One of the things that both impresses and frightens me about the internet is how it can give so many people a voice. Anyone can make or say anything online, which can be great when you see content creators rise to prominence on the back of their talent alone. It can be not so great, and frankly downright dangerous, when it comes to people using their platforms to spread lies and misinformation. Throughout the pandemic, misinformation about the coronavirus has spread rapidly across social media sites, becoming such a problem that the surgeon general issued an advisory declaring it an “urgent threat” to public safety.
According to ABC News, Dr. Vivek Murthy’s first advisory under the Biden administration was focused on the negative effect misinformation and disinformation has had on combating the ongoing pandemic. It cites misinformation as having undermined vaccination efforts, led to people rejecting basic public safety measures such as wearing a mask, and has generally prolonged the pandemic.
“Misinformation tends to flourish in environments of significant societal division, animosity, and distrust,” the advisory says. “Distrust of the health care system due to experiences with racism and other inequities may make it easier for misinformation to spread in some communities. Growing polarization, including in the political sphere, may also contribute to the spread of misinformation.”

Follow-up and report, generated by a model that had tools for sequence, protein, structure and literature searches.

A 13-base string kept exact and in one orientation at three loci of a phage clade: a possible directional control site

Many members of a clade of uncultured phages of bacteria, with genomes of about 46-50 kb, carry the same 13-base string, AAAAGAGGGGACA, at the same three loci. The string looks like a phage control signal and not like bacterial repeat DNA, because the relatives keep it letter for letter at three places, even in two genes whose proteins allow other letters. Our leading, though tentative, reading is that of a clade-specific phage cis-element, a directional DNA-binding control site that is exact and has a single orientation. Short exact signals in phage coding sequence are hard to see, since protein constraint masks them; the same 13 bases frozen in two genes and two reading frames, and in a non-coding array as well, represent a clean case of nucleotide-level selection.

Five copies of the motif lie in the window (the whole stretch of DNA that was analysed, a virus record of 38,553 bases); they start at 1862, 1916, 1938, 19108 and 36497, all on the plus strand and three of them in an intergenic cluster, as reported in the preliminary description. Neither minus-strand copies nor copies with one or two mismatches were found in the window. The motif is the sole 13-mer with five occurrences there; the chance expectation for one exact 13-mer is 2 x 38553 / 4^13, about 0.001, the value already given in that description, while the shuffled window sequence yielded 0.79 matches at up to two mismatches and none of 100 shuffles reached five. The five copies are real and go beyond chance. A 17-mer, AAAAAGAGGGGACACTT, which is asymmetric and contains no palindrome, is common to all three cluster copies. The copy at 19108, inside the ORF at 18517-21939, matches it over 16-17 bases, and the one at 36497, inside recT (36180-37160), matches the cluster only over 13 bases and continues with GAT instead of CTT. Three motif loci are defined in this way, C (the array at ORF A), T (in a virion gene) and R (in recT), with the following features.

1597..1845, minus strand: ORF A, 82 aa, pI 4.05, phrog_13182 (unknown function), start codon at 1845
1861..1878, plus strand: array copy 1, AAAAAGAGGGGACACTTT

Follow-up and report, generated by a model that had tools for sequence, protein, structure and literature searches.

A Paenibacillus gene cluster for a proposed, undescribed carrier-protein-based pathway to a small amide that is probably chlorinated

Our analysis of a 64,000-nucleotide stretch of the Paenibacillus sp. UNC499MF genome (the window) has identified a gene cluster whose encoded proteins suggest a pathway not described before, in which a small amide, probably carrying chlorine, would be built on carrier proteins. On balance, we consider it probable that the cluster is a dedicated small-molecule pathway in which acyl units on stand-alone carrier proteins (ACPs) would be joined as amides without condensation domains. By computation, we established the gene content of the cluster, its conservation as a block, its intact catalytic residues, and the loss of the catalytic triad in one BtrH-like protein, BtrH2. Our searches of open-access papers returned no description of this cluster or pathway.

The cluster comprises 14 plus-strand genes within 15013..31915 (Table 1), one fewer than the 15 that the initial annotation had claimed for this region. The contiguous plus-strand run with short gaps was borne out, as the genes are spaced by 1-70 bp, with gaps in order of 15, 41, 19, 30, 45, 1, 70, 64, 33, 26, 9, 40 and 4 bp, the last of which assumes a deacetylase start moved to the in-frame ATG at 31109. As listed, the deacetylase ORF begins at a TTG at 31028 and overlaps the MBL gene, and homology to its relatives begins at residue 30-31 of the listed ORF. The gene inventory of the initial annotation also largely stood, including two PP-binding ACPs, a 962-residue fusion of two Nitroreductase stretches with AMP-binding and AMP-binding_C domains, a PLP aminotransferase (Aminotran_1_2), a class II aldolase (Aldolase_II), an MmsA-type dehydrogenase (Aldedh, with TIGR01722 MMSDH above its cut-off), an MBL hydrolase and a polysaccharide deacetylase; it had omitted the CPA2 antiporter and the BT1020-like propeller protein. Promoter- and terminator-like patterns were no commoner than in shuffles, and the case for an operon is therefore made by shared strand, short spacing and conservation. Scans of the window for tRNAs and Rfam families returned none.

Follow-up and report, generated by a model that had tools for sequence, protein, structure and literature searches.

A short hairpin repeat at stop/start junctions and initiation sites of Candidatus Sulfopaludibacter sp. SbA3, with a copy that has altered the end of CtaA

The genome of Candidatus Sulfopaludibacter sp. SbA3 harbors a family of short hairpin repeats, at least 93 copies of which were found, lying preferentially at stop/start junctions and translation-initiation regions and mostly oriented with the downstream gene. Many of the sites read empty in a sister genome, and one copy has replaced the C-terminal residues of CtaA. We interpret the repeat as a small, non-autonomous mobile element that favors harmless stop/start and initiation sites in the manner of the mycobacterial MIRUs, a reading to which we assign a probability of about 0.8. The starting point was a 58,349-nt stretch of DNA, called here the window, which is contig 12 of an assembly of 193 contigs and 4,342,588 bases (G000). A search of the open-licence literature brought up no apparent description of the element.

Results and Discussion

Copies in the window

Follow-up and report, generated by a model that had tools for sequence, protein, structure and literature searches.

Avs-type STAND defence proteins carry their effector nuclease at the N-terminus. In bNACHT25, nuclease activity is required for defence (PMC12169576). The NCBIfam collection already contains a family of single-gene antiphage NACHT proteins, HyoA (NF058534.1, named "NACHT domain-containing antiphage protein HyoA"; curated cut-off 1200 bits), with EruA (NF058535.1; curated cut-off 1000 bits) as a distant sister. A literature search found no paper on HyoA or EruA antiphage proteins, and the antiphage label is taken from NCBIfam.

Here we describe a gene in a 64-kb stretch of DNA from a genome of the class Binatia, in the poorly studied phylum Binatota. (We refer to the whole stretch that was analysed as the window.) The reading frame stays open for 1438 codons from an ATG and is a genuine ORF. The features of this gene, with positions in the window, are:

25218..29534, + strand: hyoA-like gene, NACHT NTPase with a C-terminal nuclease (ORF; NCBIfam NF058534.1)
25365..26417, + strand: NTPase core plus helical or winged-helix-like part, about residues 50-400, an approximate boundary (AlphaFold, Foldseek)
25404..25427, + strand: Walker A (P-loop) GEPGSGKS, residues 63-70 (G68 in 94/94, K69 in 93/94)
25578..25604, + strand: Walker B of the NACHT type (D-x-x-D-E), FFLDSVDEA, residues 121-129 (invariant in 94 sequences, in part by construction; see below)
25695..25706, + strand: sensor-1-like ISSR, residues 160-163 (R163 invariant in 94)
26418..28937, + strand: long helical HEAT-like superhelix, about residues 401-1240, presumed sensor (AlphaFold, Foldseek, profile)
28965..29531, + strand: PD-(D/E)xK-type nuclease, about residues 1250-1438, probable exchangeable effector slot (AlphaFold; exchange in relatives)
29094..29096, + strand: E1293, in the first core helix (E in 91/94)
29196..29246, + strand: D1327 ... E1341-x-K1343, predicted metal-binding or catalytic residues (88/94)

The advisory goes on to say that both individuals and institutions have a “moral and civic responsibility,” to combat misinformation. While the advisory doesn’t call out Republicans by name, don’t worry, I will. Throughout the pandemic we’ve seen senators, governors, and even the former president himself pushback against mask-wearing, social distancing measures and vaccines. They somehow managed to politicize self-preservation, and for some reason a large portion of the country went along with it.
Murthy also calls on social media sites and tech companies to “take more responsibility to stop online spread of health misinformation.” TikTok, which greatly increased in popularity throughout the pandemic, has become a bastion of COVID misinformation. The surgeon general wrote that social media sites have greatly contributed to the “unprecedented speed and scale” of misinformation.
“Health misinformation is an urgent threat to public health. It can cause confusion, sow mistrust, and undermine public health efforts, including our ongoing work to end the COVID-19 pandemic,” Murthy said in a statement. “As Surgeon General, my job is to help people stay safe and healthy, and without limiting the spread of health misinformation, American lives are at risk ... tackling this challenge will require an all-of-society approach, but it is critical for the long-term health of our nation.”
The advisory comes as the delta variant of COVID-19 has become the predominant strain in the country. The variant, which is more transmissible than previous strains, has hit states with low vaccination rates particularly hard.